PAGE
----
Our business focuses on the commodity complex. We rely on the Commodity Futures Trading Commission’s (CFTC) Commitment of Traders report to sort out what the major players are doing in the commodity markets. Our focus lies with the commercial trader category of this report. These are the traders who either have the commodity to sell or, will be using the commodity in their manufacturing processes. Following the commercial traders category, as a whole, for a given commodity can provide us with a consensus opinion from the world’s largest producers and end users of a commodity. There are times, like now, when their collective actions in the commodity markets can pay direct dividends to equity traders, both in individual stocks as well as commodity based ETF’s.
Every market has built in fear premium. This shows up empirically through the skew of an option chain. The idea is that two strike prices with the same expiration date that are an equal distance away from the market’s current price should have the same value, everything else being equal. We can also measure this through common sense. The skew is aligned with a market’s fear. This is what creates the fat tails on index put options as well as call options in the grains. Historically, fear in the Middle East leads to higher oil prices as the possibility for supply disruptions increases in times of uncertainty. This week, we’ll examine how oil prices affect ISIS and how this could affect the oil market as a whole.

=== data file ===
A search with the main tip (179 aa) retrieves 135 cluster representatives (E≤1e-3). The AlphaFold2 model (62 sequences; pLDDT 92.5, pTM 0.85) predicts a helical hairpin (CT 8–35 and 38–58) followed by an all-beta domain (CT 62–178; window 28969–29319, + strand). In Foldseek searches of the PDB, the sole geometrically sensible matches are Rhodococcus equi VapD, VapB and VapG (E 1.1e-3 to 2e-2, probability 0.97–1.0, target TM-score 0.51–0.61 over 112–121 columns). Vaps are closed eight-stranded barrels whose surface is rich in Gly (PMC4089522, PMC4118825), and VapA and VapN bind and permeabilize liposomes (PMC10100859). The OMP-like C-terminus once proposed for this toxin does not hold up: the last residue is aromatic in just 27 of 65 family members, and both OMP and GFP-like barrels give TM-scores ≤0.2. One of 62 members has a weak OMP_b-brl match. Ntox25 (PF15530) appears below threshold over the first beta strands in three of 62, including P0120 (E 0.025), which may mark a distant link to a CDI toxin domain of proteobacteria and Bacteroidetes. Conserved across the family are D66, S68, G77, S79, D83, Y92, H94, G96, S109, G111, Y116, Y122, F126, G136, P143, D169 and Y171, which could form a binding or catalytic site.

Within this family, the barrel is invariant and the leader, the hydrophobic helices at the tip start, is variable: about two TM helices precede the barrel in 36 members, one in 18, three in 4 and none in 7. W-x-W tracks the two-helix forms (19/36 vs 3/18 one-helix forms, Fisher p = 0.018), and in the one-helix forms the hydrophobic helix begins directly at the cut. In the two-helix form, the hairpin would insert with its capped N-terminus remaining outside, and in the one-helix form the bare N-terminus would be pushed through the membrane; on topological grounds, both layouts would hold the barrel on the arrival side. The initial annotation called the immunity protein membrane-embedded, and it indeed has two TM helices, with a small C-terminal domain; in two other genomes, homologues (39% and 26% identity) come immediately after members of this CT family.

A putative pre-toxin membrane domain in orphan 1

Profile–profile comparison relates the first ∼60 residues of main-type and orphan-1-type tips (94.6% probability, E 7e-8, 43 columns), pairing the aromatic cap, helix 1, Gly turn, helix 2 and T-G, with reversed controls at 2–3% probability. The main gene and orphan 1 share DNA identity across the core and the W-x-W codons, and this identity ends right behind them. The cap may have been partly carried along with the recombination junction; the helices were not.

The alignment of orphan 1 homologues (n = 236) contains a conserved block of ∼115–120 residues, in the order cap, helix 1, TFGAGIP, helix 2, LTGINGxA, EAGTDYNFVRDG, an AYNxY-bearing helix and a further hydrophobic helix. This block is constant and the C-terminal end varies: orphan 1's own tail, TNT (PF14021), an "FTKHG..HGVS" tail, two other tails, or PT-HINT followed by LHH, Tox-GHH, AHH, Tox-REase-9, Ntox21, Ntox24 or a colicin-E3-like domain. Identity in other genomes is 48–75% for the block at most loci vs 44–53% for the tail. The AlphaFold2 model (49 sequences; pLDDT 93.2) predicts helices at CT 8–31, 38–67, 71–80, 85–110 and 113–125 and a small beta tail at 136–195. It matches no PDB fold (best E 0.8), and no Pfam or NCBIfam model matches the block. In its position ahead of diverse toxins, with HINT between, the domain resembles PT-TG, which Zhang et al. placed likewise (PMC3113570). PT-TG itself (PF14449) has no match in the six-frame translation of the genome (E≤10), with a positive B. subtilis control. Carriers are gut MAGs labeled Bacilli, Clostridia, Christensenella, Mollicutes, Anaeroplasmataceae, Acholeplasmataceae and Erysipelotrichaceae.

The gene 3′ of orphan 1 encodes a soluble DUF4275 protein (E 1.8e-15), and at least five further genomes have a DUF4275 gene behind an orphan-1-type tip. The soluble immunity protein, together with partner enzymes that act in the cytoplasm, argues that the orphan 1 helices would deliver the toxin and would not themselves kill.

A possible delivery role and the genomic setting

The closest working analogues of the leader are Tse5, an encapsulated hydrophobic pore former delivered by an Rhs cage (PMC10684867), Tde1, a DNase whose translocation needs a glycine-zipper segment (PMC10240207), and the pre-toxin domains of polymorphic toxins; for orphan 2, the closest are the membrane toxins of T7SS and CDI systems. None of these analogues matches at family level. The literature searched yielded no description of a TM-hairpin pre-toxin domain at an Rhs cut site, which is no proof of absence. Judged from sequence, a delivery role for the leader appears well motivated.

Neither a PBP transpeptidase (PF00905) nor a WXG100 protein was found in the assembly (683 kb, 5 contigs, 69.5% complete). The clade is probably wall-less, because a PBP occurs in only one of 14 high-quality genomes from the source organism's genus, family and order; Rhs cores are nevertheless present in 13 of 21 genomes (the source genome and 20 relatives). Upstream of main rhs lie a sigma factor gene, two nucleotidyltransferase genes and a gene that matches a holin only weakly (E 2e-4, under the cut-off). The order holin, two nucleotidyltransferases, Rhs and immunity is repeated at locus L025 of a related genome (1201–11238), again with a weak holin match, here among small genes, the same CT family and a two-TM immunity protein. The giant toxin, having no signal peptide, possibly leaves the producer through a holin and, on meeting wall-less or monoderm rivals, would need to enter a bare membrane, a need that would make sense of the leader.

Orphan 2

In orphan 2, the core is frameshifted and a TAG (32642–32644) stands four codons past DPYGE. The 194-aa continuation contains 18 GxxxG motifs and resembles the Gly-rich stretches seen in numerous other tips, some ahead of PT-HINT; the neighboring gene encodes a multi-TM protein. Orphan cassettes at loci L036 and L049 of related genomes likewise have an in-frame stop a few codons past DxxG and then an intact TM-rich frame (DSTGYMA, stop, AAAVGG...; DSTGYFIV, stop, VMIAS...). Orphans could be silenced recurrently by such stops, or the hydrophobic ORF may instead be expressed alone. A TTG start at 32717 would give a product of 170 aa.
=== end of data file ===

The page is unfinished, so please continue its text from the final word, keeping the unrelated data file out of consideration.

Obviously, China has dominated the news this week. There has been rampant speculation regarding the, “first roach” philosophy which suggests there’s much more to come in the way of Chinese Yuan/Renmimbi devaluation. I’m not very good at projecting political developments along an investment front. However, I do know enough to hunt down the information no one is talking about amid the hyperbole. What follows are a few actionable ideas based on the historical context of recent US economic developments and the transference of these principles to the Chinese economy’s cyclicality.
It is time to look at alternative ways to hedge against rising interest rates. Unfortunately, with the huge increase in volatility due to so many headline issues from Greece to trading halts on the NYSE, that it makes it tough to hold onto positions. Fortunately, the most liquid interest rate market is structured in such a way that hedging against inflation can be done with a reasonably fixed amount of risk.
Clearly, we hit a hot spot with last week’s piece. So much so, that I kept digging. I came up with more questions than answers but in asking those questions I came up with some data points and open ended questions worth pondering. We’ll look at the push and pull relationship between public and private spending and their combined effect on inflation. Then, we’ll finish with the spark of wage inflation struck by the competition between governmental subsidy programs versus rising wages in entry level retail positions.